AOL pressured to open IM
Mike Goodman, analyst, The Yankee Group
The basic Aimster will still piggyback solely on an America Online client, AOL Instant Messenger. But Aimster is working with outside developers to create a plug-in for MSN's chat software and expects other open-source developers to produce similar products that would allow it to talk to Yahoo and Napster, spokesman Johnny Deep said. The plug-in plans have been in the works since September.
Although the mix of Aimster software and outside plug-ins will allow chat aficionados to use a single interface to talk to people on multiple networks, Aimster is stopping short of trying to connect different chat networks directly. That path, once pursued by AOL critics including Microsoft and Yahoo, saw AOL block its rivals' attempts to link networks.
Instead, the Aimster software simply serves as a single interface for chats happening on different networks. When the plug-ins become available, an Aimster member talking to two different individuals might be simultaneously sending messages through AOL's network and MSN's servers, for example. Earlier products such as MyCQ have tried similar ways of melding messaging software.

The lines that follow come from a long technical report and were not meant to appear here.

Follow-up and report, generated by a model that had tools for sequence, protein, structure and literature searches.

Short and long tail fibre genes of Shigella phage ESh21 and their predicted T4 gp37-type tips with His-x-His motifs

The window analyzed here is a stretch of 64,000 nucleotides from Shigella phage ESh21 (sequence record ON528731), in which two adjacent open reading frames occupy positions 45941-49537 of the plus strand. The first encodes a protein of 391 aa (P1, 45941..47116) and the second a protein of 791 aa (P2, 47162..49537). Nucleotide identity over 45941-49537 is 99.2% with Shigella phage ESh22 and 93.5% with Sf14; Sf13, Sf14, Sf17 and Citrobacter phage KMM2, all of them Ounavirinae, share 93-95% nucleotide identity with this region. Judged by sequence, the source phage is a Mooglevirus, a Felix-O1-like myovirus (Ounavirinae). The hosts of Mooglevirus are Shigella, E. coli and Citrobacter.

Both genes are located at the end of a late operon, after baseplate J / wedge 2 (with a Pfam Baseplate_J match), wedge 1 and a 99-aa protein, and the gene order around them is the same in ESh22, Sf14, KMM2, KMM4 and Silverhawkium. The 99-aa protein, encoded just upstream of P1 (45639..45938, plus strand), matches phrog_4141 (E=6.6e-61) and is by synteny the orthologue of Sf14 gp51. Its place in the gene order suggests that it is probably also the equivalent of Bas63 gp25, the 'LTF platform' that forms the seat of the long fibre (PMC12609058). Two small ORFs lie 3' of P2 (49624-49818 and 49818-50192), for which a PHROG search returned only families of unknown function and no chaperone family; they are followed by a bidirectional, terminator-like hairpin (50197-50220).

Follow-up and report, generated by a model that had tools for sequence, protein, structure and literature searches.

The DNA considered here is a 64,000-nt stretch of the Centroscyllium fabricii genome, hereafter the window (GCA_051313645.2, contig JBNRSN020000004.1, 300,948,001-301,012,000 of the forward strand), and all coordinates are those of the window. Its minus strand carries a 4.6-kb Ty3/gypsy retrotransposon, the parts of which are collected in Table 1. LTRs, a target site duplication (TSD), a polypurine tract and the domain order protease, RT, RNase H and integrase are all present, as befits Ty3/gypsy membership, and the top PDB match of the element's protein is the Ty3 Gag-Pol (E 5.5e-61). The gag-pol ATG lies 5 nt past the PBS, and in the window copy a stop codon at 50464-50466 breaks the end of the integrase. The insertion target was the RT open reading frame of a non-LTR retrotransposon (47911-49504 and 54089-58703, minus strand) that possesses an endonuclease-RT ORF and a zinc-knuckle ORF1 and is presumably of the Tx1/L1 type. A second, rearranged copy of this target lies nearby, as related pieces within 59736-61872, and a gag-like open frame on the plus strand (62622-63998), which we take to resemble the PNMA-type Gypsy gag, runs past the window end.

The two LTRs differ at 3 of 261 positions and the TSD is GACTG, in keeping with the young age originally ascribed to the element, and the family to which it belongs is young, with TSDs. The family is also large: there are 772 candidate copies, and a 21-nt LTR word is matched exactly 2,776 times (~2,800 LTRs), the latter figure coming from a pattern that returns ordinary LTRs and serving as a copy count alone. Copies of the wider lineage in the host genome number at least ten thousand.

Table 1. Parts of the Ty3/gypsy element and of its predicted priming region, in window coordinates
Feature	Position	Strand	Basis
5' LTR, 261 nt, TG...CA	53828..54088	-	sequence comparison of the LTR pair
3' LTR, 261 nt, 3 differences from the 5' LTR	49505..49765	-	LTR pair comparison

"America Online now controls a lot of the market, but MSN and Yahoo are creeping up," Deep said. "There are a fair number of people doing cross platforms."
If successful, Deep said, Aimster could link more than 140 million instant messenger users. Aimster has signed close to 2 million members since its launch Aug. 9.
In addition to the IM service, it allows the sharing of all kinds of files, including those in MP3 format. But unlike the giant of file-swapping applications--Napster--Aimster doesn't open a hard drive to anybody. Instead, people can create file-swapping "buddy" groups.
Also unlike Napster, Aimster has won some cooperation from at least one record label.
Capitol Records, a subsidiary of EMI Group, tapped the file-swapping start-up in September to help promote the most recent release by British band Radiohead. Although that album was widely available on Napster in advance of its release, it debuted at the top of the sales charts in the United States.
News.com's John Borland contributed to this report.